Wednesday, May 27, 2009

Master Your Sales Technique
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Zig Ziglar, renowned expert in sales and human potential, says he has met entrepreneurs who believe they can be successful without having any true sales skills. “I’m sure there are some who happen to have such an innovative product that they achieve a level of success never dreamed possible, but I ask, what could they have achieved had they understood how to truly help people get what they want and need?”
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If you want to master your sales skills, follow Ziglar’s lead:
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“Sales are what you do for people, not to people. Prospecting becomes second nature when you can implement my quote: ‘You can have everything in life you want if you will just help enough other people get what they want. When you are truly interested in other people you will learn what they want and if they have a need for your product.’ ”
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“Honesty and integrity are by far the most important assets of an entrepreneur. My mother always said, ‘Son, if a man’s word is no good, eventually he’ll be no good.’ ”
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“Listening is so basic it is often overlooked. If you are so busy thinking of what you are going to say next that you can’t hear what your prospect is saying, you’re going to miss your opportunity to connect to their felt need. If you don’t know what their perception is, you can’t address their felt need. Slow down, focus and pay sincere attention.”
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“Every conversation you have with customers is of monumental importance.”
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Follow some important sales tenets: “Be able to easily explain what you sell and who buys it. Believe in what you sell. You will sell more when people like you. People like you when you show an interest in them.”
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Now I was reading this book, The Art of Positive Thinking, by Geoff Thompson.
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As in before, I shall share some insights from this great book.
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Have you ever heard of the story of The Elephant and The Twig? In India they train obedience in young elephants (to stop them from escaping) by tying them to a huge immovable object, like a tree, when they are still very young. The tree is so large that no matter how hard they pulls and tugs it cannot break free. This develops what is known as 'learned helplessness' in the creature. After trying so hard and for so long to break the hold, only to be thwarted time and again, it eventually believes that, no matter what is does, it cannot escape. Ultimately, as a fully grown adult weighing several tons, they can tie it to a twig and it won't escape, in fact, it won't even try.
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"You need a goal to shoot at". Otherwise you're not playing football, you're just kicking a ball aimlessly around the park.
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Tenacity is the one thing that bridges the gap between those that want and those that have. If you want a crop, plant your seeds, and the more seeds you have, the more crop you'll get, and the more crop you get to the seeds it brings.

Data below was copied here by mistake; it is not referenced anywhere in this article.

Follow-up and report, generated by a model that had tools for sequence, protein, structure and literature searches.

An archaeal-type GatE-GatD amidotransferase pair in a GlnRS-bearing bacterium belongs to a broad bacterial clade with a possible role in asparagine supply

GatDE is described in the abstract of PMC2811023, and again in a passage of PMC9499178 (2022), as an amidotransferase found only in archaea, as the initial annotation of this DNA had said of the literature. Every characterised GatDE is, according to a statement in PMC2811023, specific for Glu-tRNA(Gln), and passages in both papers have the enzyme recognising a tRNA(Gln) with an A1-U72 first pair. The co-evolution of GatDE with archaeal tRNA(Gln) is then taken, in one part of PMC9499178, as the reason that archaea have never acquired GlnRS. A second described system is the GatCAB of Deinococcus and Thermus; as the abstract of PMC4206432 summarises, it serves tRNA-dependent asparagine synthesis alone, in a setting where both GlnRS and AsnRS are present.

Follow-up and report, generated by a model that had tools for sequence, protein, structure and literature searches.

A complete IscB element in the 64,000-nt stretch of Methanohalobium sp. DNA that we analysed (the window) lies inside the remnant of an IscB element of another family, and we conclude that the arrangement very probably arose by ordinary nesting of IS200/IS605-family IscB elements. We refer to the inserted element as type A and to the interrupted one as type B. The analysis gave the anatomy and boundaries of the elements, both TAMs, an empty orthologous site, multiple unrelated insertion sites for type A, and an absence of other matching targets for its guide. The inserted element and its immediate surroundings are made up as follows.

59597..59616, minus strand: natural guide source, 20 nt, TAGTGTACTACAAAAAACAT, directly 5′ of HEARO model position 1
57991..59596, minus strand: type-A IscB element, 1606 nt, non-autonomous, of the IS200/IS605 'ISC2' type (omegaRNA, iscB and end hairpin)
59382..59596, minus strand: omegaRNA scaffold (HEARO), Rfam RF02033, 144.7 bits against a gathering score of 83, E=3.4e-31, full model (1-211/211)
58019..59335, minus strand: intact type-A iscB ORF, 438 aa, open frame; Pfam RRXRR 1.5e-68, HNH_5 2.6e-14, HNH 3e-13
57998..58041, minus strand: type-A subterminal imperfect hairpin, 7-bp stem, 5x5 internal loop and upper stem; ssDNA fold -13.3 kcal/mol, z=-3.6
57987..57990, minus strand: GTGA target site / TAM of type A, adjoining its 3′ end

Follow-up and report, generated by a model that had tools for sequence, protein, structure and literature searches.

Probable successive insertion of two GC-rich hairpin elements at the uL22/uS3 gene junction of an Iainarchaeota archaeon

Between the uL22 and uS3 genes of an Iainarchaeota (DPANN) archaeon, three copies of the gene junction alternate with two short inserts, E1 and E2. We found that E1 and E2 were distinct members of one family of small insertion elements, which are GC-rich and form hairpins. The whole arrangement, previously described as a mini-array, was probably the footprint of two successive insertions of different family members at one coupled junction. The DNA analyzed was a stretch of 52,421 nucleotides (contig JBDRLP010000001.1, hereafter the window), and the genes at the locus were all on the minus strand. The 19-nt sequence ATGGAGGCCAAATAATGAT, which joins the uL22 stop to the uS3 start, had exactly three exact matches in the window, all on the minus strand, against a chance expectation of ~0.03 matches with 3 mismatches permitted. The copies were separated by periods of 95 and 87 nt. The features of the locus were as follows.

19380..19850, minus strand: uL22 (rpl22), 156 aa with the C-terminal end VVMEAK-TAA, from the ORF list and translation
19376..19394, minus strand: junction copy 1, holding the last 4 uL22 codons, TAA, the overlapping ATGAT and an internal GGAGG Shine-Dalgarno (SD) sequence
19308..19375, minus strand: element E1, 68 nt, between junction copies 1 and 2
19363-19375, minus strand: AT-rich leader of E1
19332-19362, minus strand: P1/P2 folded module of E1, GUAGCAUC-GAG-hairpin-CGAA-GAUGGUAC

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History is full of so-called no-hopers who went on to change the world. William Wallace was only one man but after witnessing an atrocity - a village of women and children being raped and slaughtered - he decided to do extraordinary things. And he did, he changed the course of history by gathering an army and fighting against an oppressive and bullying enemy. He became so legendary, even in his own lifetime, that people thought he must be a seven foot tall monster that ate babies for breakfast. But he wasn't. He was a rather ordinary man of average build and intelligence who used every sinew of his being to change his mind and fight his cause. Now, many years after his death, they've even made a Hollywood movie about him (Braveheart, starring Mel Gibson).
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Wow, I didn't know that this movie is of such great cause. I want to watch it.
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Colonel Sanders (Kentucky Fried Chicken) wanted to change a world dominated by steak restaurants into a world containing chicken-only restaurants. Over a thousand different companies told him that his idea, his dream, would not work and that he would never become the king of fowl. Many told him that his idea was naive, some even laughed at the premise when he went to them for finance. Did he allow their lack of insight to kill his dreams; did he give up, hand over his power and blame others; did he lie down and die after yet another rejection letter and say 'maybe they're right'? No chance, they never even put a dent in the fender. He knew what he had, he believed in it emphatically, and if he believed in it, if he could see it he knew that there must be others out there who would believe in it and see it also. He just kept knocking doors until he met that certain someone. He felt that each door he knocked on that gave a 'no' was one door closer to the one that would give a 'yes'. It took over a thousand rejections to get to that 'yes'. He finally got the backing he desired; now there is a Kentucky Fried Chicken restaurant in almost city.

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